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U.S. Navy Lt. Kristin Hope signals to launch an F/A-18E Super Hornet from Strike Fighter Squadron (VFA) 195 from the flight deck of the USS Ronald Reagan (CVN 76) during flight operations in the East China Sea, Aug. 22, 2019.
U.S. Navy Lt. Kristin Hope signals to launch an F/A-18E Super Hornet from Strike Fighter Squadron (VFA) 195 from the flight deck of the USS Ronald Reagan (CVN 76) during flight operations in the East China Sea, Aug. 22, 2019. (Janweb B. Lagazo/U.S. Navy)

WASHINGTON — Navy officers who focus on the safe operation of surface ships are switching jobs or leaving the military at higher rates than other service officers in similar positions, according to a government watchdog report released Thursday.

The Government Accountability Office’s report also found only 12% of female surface warfare officers stay in the job, compared with 39% of male SWOs. Overall, 33% of SWOs remain in the position compared with 45% of officers who are in similar Navy jobs.

Though Naval Surface Forces Command tracks separation rates for surface warfare officers by gender, it hasn’t developed a plan to improve retention rates, according to the report titled “Navy Readiness: Actions Needed to Evaluate and Improve Surface Warfare Officer Career Path.”

The GAO report is part of an ongoing response to two collisions at-sea that killed 17 sailors in 2017. That spring, the guided-missile destroyer USS Fitzgerald collided with a merchant ship off the coast of Japan, resulting in the death of seven U.S. sailors.

Later that year, the guided-missile destroyer USS John S. McCain was struck by a chemical tanker off the coast of Singapore and Malaysia. Ten U.S. sailors died as a result of the crash.

Some changes came after two internal investigations into the root causes of the 2017 collisions found challenges with training, qualifications and assignments as officers progressed throughout their career, according to the GAO report.

The Navy has taken small steps to improve officers’ career paths, such as extending training and tours of duty to give more time to earn qualifications, but it has not fundamentally changed career paths for more than a century, the GAO said.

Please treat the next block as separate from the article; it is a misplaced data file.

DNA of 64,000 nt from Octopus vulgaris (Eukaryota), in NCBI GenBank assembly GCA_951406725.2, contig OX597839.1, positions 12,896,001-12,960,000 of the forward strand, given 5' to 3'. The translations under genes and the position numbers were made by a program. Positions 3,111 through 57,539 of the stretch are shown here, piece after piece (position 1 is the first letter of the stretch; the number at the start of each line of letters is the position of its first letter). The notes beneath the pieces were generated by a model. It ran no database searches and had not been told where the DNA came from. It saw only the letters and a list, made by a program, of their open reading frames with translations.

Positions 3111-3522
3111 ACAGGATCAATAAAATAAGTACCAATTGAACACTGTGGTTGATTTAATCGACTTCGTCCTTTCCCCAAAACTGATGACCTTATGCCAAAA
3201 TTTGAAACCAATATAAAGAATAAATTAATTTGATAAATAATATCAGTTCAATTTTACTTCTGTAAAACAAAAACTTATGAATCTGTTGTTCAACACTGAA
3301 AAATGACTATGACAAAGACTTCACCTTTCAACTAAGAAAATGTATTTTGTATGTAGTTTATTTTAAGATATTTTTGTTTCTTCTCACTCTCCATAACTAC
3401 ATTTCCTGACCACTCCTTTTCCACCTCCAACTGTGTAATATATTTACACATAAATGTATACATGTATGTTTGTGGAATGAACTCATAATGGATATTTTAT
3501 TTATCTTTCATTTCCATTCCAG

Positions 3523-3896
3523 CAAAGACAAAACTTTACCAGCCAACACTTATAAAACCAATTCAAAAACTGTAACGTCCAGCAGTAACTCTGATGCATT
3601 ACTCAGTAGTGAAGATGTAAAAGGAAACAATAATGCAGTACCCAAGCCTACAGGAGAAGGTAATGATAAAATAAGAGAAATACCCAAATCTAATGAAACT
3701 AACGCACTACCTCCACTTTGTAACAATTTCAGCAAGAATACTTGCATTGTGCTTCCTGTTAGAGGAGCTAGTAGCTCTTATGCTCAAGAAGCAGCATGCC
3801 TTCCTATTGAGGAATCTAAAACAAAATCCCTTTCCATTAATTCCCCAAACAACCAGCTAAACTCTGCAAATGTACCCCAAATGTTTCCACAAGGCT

Rep. Rob Wittman, R-Va., said Thursday during a House Armed Services Committee subpanel hearing that the “lack of leadership” among the surface warfare officers “continues to haunt” him. Thursday was the four-year anniversary of the USS Fitzgerald crash.

A sailor receives his surface warfare officer pin during a ceremony aboard the littoral combat ship USS Freedom on Jan. 15, 2014.
A sailor receives his surface warfare officer pin during a ceremony aboard the littoral combat ship USS Freedom on Jan. 15, 2014. (Donnie W. Ryan/U.S. Navy)

During the hearing, Wittman pressed Vice Adm. James Kilby, the Navy’s deputy chief of naval operations for warfighting requirements and capabilities, on the results of the GAO report and how the Navy is addressing ongoing issues with surface warfare officers.

Specifically, Wittman pointed out a statistic from the report that found by a factor of four to one, surface warfare officers believe specialized career paths would better prepare them for their job than the current generalized career path.

“Without periodic evaluations of current approaches, including alternative career paths, and the use of those evaluations, the U.S. Navy may miss an opportunity to develop and retain proficient SWOs,” the GAO wrote.

Surface warfare officers are “screaming for change,” Wittman said during the hearing of the House subcommittee on seapower and projection forces to discuss the Navy’s budget proposal for fiscal year 2022.

Kilby said he could not speak to the specific data from the study released publicly after the hearing ended.

However, he said: “We’ve done a lot of work, we feel, to professionalize and increase our mariner skill training. Some of those investments are still underway in Norfolk [Va.] and San Diego and will prove to be sufficient.”

Surface warfare officers are trained to serve on all ship departments and all ship types. This training provides a generalist career path spanning across disciplines such as ship-driving, engineering and combat systems. But other Navy officers specialize in specific ship department areas.

“According to the commander, Naval Surface Forces, a generalist approach is the best career path for SWOs because commanding officers must know how to drive, fight, and lead on their ship, and SWOs with specialist career paths are less prepared for this responsibility than are SWOs with a generalist career path,” according to the GAO report.

However, the GAO found a majority of surface warfare officers want a specialized career path. An estimated 65% of surface warfare officers want a specialized track, compared with 16% who think a generalist model is best.

The GAO recommended the Navy develop a plan to improve retention, including female retention rates, and regularly evaluate its approach to training officers. The evaluation will then serve as a way to improve career options. The Navy concurred with all seven recommendations.

cammarata.sarah@stripes.com

Twitter: @sarahjcamm

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